Tom Rubin, Chief Counsel for Intellectual Property Strategy, Microsoft Corporation. Tom offered up the DMCA online safe harbor as a good example of how rightsowners' and technologists' interests can be balanced. It has promoted vibrant online innovation, helped proliferate legitimate commercial platforms, and led to voluntary cooperation between content owners and technology platforms that supplement the legal rules. He said there is a problem with rogue websites that have no legitimate purpose — these should be easy for content owners to remove. Creative Commons and other permissive licensing schemes are a complement to copyright law, not a substitute.
Oliver Metzger, Senior Copyright Product Counsel, Google Inc. IP enforcement works well when there is a shared responsibility between IP owners and websites. IP owners are in the best position to know when there is an infringement. We should not require websites to monitor UGC. Monitoring is hard for big companies and a crushing obligation for small ones. He pointed to Content ID as an example of a voluntary IP enforcement mechanism that YouTube has adopted.
Eric Goldman, Associate Professor, Santa Clara University School of Law. My remarks: Copyright protection is a good thing. Unfortunately, this leads to the mistaken assumption that more copyright protection is better.
In the Silicon Valley, much of the innovation takes place in the "unregulated spaces," i.e., the cracks in the regulatory structure. (I know many people have advanced this argument, but I acknowledge Mark Lemley's recent evangelism of this point). Regulation often creates barriers to entry, in many cases at the request of incumbent players.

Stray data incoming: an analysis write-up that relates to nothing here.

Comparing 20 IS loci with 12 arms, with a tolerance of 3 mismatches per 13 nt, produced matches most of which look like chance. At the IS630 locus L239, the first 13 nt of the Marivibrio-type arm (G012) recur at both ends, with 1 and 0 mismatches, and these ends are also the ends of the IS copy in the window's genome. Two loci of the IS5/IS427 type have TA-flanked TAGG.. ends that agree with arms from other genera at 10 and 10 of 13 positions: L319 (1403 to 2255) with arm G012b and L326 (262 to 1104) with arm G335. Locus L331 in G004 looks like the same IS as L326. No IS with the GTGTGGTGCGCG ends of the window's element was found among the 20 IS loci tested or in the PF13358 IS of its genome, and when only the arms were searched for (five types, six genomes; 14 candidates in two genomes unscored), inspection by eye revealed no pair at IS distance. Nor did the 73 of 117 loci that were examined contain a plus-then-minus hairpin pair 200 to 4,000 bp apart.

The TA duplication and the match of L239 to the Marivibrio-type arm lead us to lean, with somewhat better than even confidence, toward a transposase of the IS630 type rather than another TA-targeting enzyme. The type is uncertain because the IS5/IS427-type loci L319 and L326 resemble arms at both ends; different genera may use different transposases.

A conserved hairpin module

In contrast, expressly creating unregulated spaces, through safe harbors and immunities, can spur entrepreneurship around those safe spaces. For example, the 17 USC 512 notice-and-takedown scheme. Service providers still feel the takedown process is onerous, but at least they know the rules of engagement and can find profitable ways to implement it, which has led to UGC success stories like YouTube.
From the perspective of content creators, there's an emerging recognition that copyright isn't their only solution. Information asymmetries are unstable on the Internet (an application of the idiom that "information wants to be free"), which reflects the nature of information as non-rivalrous. Many content creators are embracing the instability of information asymmetries by treating non-rivarlous content as marketing for rivalrous goods and services. As just one example, bands voluntarily post recordings of their live performances as marketing for future live performances.
Ivan Zasursky, Head of New Media and Communications Theory, Faculty of Journalism, Lomonosov Moscow State University. I didn't get any notes from him.